When a Right-of-Way Becomes No Man’s Land

There are a lot of things that happen in Nigeria, that if this were the proverbial saner climes, we would be debating whether to commit people to a sanatorium or a penitentiary. Or, if we wanted to spice things up a bit, we would haggle over how many neck-ward strokes with a USB cord would suffice. But before you accuse me of brutal intent, can we explain why anyone is building a petrol station above a high-pressure gas pipeline when suicide is still illegal in Nigeria?

In a recent discussion with some work colleagues about disregard for the land (Right-of-Way) below which our gas pipelines are buried, I could not wrap my head around cases across the country where people have convinced themselves that gas pipelines are innocuous angels that can do no evil. The worst cases cited were those where government agencies were active participants in contempt for laws and regulations and any expectations that sensible humans would try to protect their own lives.

We start with a location somewhere in Edo State where a new road was constructed above a gas pipeline. If like me, you thought the road merely crossed the pipelines (allowable by guidelines), then you were very mistaken. For hundreds of metres, this road was laid over a pipeline, and it took the road caving in and damaging the pipeline for people in the community to realise their lives were about to be retrieved for bad behaviour. At the end, the pipeline owner took the high road and paid for the construction of another road segment to divert traffic from the offending road. Nothing was said about the government that orchestrated the illegal road.

Then we move to Rivers State where some persons ignored repeated warnings and gradually accumulated buildings on a gas pipeline right-of-way. When the pipeline owner finally got the necessary judicial reliefs and proceeded with bulldozers to tear down the buildings, the state governor showed up and asked the operator to first pay compensation to the building owners before any demolition. Again, a question is asked whether those buildings got approval from the government to build on land that was clearly marked as containing a gas pipeline.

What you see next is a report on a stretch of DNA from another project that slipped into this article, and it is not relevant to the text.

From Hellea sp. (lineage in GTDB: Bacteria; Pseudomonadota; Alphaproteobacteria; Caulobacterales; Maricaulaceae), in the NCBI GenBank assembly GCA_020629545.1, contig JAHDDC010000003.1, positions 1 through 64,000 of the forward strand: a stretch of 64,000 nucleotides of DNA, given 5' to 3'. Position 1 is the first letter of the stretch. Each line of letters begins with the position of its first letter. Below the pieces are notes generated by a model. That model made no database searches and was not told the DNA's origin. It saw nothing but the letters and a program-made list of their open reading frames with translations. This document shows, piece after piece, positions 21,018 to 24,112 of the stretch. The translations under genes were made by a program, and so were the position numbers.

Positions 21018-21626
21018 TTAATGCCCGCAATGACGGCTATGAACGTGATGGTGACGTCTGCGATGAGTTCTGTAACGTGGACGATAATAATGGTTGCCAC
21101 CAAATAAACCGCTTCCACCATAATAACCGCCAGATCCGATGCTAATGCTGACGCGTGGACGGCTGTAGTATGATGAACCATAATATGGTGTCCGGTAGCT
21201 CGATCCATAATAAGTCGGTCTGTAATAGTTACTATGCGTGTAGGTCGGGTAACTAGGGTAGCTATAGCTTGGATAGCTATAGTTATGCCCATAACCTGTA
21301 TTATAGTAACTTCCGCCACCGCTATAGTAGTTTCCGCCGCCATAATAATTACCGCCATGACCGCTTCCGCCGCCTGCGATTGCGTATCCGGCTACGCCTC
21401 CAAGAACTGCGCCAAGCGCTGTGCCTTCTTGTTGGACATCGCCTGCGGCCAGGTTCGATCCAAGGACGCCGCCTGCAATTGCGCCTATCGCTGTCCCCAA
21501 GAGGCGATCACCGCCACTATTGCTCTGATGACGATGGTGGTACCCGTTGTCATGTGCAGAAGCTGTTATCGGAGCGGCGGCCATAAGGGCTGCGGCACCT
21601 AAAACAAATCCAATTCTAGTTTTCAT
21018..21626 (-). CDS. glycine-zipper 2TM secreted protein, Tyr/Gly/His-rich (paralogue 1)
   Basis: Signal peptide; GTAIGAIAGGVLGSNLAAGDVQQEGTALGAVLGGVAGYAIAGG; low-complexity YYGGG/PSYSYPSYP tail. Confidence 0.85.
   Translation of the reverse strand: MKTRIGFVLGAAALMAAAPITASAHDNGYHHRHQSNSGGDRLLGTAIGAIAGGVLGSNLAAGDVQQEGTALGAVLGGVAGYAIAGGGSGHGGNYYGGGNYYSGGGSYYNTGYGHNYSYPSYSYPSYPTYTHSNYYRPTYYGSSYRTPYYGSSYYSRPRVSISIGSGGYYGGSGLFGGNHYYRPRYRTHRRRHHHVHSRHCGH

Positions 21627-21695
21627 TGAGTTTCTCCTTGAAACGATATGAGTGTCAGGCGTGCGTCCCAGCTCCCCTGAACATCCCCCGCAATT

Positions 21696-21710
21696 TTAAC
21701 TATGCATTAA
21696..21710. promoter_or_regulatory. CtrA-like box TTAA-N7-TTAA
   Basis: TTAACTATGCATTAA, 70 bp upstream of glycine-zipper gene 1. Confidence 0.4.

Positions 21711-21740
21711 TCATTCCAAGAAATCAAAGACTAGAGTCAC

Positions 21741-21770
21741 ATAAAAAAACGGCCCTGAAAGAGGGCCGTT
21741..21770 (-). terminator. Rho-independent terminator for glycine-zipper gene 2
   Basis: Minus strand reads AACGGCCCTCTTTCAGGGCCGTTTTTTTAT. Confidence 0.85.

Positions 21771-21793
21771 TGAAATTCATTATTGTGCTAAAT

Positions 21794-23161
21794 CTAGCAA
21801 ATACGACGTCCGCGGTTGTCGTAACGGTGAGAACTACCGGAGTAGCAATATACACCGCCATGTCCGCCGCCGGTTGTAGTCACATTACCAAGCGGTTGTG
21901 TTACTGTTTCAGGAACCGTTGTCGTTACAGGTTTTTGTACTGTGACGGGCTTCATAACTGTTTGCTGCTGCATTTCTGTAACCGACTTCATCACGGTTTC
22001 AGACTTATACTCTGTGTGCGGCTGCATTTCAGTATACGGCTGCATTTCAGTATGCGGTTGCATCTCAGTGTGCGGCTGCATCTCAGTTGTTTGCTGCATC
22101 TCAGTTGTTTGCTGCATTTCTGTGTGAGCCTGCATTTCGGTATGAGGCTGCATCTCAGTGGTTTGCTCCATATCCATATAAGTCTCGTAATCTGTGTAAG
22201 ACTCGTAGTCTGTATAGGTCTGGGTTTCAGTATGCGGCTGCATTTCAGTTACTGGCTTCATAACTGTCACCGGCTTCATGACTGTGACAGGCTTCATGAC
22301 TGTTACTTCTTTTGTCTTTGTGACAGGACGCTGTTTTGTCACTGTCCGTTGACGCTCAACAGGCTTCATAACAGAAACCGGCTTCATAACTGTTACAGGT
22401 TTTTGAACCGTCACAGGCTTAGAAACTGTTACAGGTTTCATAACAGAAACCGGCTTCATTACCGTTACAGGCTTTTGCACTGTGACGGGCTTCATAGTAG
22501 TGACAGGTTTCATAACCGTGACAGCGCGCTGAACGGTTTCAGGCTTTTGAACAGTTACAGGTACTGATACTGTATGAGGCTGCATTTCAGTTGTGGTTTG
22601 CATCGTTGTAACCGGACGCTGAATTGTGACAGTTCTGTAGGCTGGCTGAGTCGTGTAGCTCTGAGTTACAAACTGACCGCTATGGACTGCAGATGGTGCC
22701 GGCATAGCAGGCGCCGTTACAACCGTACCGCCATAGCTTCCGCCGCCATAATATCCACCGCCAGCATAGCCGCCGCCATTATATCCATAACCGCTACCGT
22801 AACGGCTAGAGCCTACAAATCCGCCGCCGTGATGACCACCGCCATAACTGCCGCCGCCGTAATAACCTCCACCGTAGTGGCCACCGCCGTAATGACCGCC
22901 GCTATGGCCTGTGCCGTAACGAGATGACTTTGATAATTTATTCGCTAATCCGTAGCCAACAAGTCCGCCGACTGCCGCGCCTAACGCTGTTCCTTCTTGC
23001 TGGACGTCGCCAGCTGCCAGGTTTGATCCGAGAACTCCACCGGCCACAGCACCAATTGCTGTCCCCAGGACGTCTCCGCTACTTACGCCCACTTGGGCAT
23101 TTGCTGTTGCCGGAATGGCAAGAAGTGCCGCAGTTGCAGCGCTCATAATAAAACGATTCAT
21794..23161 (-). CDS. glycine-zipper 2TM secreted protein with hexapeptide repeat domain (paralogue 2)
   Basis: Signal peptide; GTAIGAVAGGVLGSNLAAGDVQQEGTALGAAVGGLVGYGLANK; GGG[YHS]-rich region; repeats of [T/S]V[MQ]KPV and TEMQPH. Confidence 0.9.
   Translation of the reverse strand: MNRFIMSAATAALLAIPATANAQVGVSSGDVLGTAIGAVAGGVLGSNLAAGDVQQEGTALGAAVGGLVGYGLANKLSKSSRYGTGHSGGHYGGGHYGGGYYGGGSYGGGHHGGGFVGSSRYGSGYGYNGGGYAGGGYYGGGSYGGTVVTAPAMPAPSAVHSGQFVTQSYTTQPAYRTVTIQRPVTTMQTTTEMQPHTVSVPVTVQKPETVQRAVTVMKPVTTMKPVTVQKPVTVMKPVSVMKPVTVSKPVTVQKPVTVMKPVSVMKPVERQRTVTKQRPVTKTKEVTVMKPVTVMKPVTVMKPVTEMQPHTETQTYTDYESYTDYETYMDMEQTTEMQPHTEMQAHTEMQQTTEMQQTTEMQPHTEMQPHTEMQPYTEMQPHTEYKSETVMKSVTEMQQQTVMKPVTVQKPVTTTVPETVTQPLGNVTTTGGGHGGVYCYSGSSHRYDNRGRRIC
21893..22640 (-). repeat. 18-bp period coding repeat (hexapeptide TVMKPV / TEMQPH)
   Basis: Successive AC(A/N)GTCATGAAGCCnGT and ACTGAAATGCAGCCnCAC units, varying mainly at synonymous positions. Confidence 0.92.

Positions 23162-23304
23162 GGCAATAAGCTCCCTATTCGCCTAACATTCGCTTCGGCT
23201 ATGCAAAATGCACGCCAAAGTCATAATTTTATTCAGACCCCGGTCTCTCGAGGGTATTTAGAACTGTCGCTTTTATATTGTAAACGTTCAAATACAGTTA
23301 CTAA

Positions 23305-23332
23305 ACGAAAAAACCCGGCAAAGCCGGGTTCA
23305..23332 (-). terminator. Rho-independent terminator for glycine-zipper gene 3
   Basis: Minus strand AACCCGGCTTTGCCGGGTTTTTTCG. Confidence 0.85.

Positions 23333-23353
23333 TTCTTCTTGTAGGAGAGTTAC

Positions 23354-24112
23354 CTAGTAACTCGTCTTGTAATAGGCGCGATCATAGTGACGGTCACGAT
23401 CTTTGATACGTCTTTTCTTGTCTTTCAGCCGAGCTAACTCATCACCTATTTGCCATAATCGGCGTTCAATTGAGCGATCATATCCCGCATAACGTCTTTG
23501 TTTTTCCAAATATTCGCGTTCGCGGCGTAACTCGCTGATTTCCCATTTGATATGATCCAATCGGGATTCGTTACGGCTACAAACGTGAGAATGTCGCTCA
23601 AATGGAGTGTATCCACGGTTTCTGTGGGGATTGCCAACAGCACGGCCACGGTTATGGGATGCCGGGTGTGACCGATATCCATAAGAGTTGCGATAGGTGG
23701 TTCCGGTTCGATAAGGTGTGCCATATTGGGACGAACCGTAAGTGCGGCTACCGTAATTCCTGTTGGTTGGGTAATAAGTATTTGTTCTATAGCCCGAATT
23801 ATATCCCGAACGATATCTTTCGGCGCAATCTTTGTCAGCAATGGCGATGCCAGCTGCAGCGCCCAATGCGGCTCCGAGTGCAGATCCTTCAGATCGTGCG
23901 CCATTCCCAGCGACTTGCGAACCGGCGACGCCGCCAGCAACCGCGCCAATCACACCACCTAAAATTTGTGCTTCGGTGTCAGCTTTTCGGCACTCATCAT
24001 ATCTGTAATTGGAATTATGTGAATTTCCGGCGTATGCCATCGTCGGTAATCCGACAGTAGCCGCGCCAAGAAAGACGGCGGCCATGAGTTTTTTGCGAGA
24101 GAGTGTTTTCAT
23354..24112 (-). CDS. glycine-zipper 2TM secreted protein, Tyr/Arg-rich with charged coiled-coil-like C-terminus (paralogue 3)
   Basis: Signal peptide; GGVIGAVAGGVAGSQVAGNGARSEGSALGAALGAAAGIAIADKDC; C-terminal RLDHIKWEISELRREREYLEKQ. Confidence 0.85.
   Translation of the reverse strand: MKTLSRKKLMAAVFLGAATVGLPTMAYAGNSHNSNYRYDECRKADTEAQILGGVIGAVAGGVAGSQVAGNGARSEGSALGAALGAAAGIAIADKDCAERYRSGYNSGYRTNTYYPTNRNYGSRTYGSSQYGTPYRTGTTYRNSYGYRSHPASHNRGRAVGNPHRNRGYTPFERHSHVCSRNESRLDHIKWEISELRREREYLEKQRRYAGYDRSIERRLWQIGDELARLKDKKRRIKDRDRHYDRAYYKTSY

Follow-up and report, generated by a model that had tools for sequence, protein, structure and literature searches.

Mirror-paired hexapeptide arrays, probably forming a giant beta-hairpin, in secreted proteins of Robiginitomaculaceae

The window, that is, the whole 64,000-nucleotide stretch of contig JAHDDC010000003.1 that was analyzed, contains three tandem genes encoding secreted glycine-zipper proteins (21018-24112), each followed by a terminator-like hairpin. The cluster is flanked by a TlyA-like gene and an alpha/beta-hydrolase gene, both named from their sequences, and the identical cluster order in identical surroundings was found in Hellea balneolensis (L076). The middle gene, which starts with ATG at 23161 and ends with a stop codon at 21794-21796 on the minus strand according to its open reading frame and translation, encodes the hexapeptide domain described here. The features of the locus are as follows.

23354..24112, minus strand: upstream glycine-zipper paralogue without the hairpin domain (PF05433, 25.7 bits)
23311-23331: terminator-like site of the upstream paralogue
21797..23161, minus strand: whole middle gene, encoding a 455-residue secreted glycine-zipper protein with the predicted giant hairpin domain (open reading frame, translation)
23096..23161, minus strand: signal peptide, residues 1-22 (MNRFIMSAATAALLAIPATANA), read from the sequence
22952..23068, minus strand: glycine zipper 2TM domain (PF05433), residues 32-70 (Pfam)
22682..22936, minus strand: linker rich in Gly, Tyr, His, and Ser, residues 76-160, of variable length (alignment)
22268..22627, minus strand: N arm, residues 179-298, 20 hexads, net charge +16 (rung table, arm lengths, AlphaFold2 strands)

Our next stop is near Abia State where a market exists on a gas pipeline. When I was shown a picture of the place, there was an unsmiling trader brandishing her goods below a warning sign that reads: “Danger. High Pressure Gas Pipeline. No Erection of Building. No Excavation of Land. No Bush Burning”. Ironically, the signboard has the famous skull with two crossed bones on it, but maybe the Local Government officials responsible for supervising markets feel the sign is merely artistic sophistry.

As if this was not enough, I was then shown a picture of yet another location where a church constructed their fence to incorporate a section of a pipeline’s right-of-way, including the warning signboard. I wonder if someone had decided that building on a gas pipeline was a sure-fire way to avoid fire ever occurring in their building; something like a vaccine involving live microorganisms. Up until this point, my annoyance was still under control, but at the sight of a petrol station built above a gas pipeline, I lost it.

On second thought, why am I even shocked that we have Nigerians willing to risk their lives, and regulatory entities willing to let them live on the edge? This is a country where people formulate markets on rail lines and quickly move their goods once a train’s horn is sounded. After the recent gas pipeline explosion at Abule Egba in Lagos, much of the public commentary was on the state of the pipeline itself, but few asked why that route had become densely populated, or why at the very least, the minimum 25 metres right-of-way straddling the pipeline was neither respected by Nigerians nor enforced by the government. Of course, the pipeline’s owner has responsibility to keep the pipeline well maintained, but the right-of-way was designed to (among other things) reduce the risk to people.

We have built an entire society on the philosophy of cutting corners, but I fear that some of those corners are literally going to tear into our asses from the ground. Someday, in obedience to Murphy’s Law, one over-motivated digger would burst a gas pipeline, or one aged pipeline would rupture while someone is frying akara above, and we would have another national disaster. When that happens, we would start screaming that compensation should be paid for the lost lives and properties, but if we are true to ourselves, we would remember that fateful day when the thought to encroach into a pipeline’s territory first entered our minds. That would have been a good time to say to the lord of death, “Not today!”

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